In one voice, the respondents hoped that Filipinos would switch to a greener, more earth-friendly lifestyle, and sent out suggestions for waste and toxic reduction, and low carbon living in the changing global climate.

Specifically, the respondents sent this message to P-Noy: Launch a presidential crusade to protect vulnerable subpopulations, particularly children, from reproductive, developmental and immune system toxins in common consumer products.

“It is our hope that the wishes expressed by our members will be heard and acted upon by P-Noy and everyone concerned,” says Roy Alvarez, president of the EcoWaste Coalition. “Let’s welcome a fresh decade by effecting positive changes for the good of the country and our people.”

Green Wishes For Juan And Juana De La Cruz

• That all families in both rural and urban barangays could have access to clean air, safe drinking water, and healthful food.
• That everyone would embrace the basic 3Rs (reduce, reuse, recycle) of sustainable living and add a few more essential Rs: respect for human rights — for a more caring existence.

• That all litterbugs would finally drop their dirty habits and that our streets, vacant lots, beaches, rivers, and the country as a whole would finally become a litter-free Pilipinas that we can be proud of.

• That consumers would become more aware of the importance of using reusable bags instead of plastic bags, and that they would say no to disposable containers and packaging in general.

• That simple, zero waste, and zero toxic celebrations of Christmas, New Year, and other popular festivities, including the Feast of the Black Nazarene that draws droves of devotees, would begin in 2011 and continue for many more years to come.

• That all citizens would duly recognize the role of the informal recycling sector in materials recovery and conservation, and in cutting greenhouse gas emissions.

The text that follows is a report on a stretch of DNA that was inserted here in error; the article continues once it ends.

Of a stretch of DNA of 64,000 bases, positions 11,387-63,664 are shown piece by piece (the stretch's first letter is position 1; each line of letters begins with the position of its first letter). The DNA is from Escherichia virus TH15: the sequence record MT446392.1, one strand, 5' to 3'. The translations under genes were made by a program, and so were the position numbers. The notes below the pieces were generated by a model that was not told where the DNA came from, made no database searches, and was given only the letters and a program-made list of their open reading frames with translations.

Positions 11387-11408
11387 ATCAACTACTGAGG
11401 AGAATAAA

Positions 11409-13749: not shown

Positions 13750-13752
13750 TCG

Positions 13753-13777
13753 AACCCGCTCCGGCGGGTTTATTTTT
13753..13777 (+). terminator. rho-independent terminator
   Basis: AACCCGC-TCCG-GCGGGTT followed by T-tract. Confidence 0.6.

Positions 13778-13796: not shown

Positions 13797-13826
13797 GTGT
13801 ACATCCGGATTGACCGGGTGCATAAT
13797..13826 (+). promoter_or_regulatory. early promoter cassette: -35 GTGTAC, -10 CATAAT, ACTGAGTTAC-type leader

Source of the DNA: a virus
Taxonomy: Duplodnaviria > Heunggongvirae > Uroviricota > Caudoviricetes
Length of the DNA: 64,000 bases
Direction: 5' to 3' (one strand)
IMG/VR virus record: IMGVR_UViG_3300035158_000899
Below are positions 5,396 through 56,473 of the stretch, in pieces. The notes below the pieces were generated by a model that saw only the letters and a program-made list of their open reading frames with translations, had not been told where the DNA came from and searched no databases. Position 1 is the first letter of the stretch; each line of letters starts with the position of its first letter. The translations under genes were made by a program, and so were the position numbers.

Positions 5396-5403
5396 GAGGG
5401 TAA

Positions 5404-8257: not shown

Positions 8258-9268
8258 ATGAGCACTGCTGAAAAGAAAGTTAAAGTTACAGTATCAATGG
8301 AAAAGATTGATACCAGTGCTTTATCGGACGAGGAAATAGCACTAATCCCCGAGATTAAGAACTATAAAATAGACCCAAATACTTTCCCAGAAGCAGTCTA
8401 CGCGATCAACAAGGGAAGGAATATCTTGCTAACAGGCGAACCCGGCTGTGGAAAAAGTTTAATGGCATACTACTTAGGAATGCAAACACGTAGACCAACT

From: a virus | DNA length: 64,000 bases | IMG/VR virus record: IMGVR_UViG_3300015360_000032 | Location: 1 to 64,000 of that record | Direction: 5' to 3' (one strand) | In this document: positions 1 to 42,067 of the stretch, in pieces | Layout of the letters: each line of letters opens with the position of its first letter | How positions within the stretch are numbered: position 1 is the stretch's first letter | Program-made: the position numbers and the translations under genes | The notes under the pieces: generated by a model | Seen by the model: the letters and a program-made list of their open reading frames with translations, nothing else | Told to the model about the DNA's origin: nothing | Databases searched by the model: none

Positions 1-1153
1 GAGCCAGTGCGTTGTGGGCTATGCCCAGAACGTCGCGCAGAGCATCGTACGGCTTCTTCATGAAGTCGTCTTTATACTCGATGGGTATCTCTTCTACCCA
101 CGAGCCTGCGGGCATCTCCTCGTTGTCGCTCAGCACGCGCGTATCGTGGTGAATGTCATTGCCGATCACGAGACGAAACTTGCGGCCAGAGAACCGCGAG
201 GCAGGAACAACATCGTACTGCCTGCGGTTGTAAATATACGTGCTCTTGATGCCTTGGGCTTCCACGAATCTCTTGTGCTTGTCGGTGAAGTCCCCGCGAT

• That we all do our part in helping to stabilize Mother Earth’s temperature by conserving energy and reducing our dependence on fossil fuels such as gasoline, oil, and coal, and switching to renewable energy alternatives whenever possible.

• That citizens would cultivate more trees and plants, and set up food gardens and take good care of them.

• That more Filipinos would go vegetarian in 2011 and spread the many benefits of a plant-based diet sans genetically modified organisms and harmful chemicals.

• That more people would join the environmental movement and take action to defend Mother Nature from apathy, greed, and destruction.

Green Wishes For Businesses And Industries

• That the manufacturing industry would adopt concrete steps to reduce packaging waste on their own volition.

• That manufacturers, especially of consumer products that are not easy and safe to recycle or dispose, would take full responsibility for their products from “cradle-to-cradle.”

• That manufacturers using plastic sachets and wrappers embark on pilot bulk and tingi selling programs sans single-use packaging.

• That all restaurants and fast-food chains would implement a “No styrofoam” and “No plastic utensils” policy.

• That all toys and products geared towards children and other susceptible groups be made without hazardous, toxic or poisonous substances such as mercury, lead, cadmium, phthalates, brominated flame retardants, and bisphenol A.

• That commercial and industrial owners of polychlorinated biphenyl (PCB) waste oils and contaminated materials would ensure their safe destruction at the soon-to-operate non-combustion facility in Bataan.

• That big business would learn to prioritize conservation and ecological integrity and put a halt to unsustainable projects such as coal operation and mining.

Green Wishes For Local Authorities

• That municipal and city councils would promote and maintain bike- and pedestrian-friendly streets, especially in urban hubs.

• That the public would be afforded more environment-friendly mass transportation options in order to reduce the number of cars with single occupants on the road.

• That local enforcers would succeed in removing smoke- belching vehicles from the roads and in regulating roadside parking to ease traffic congestion.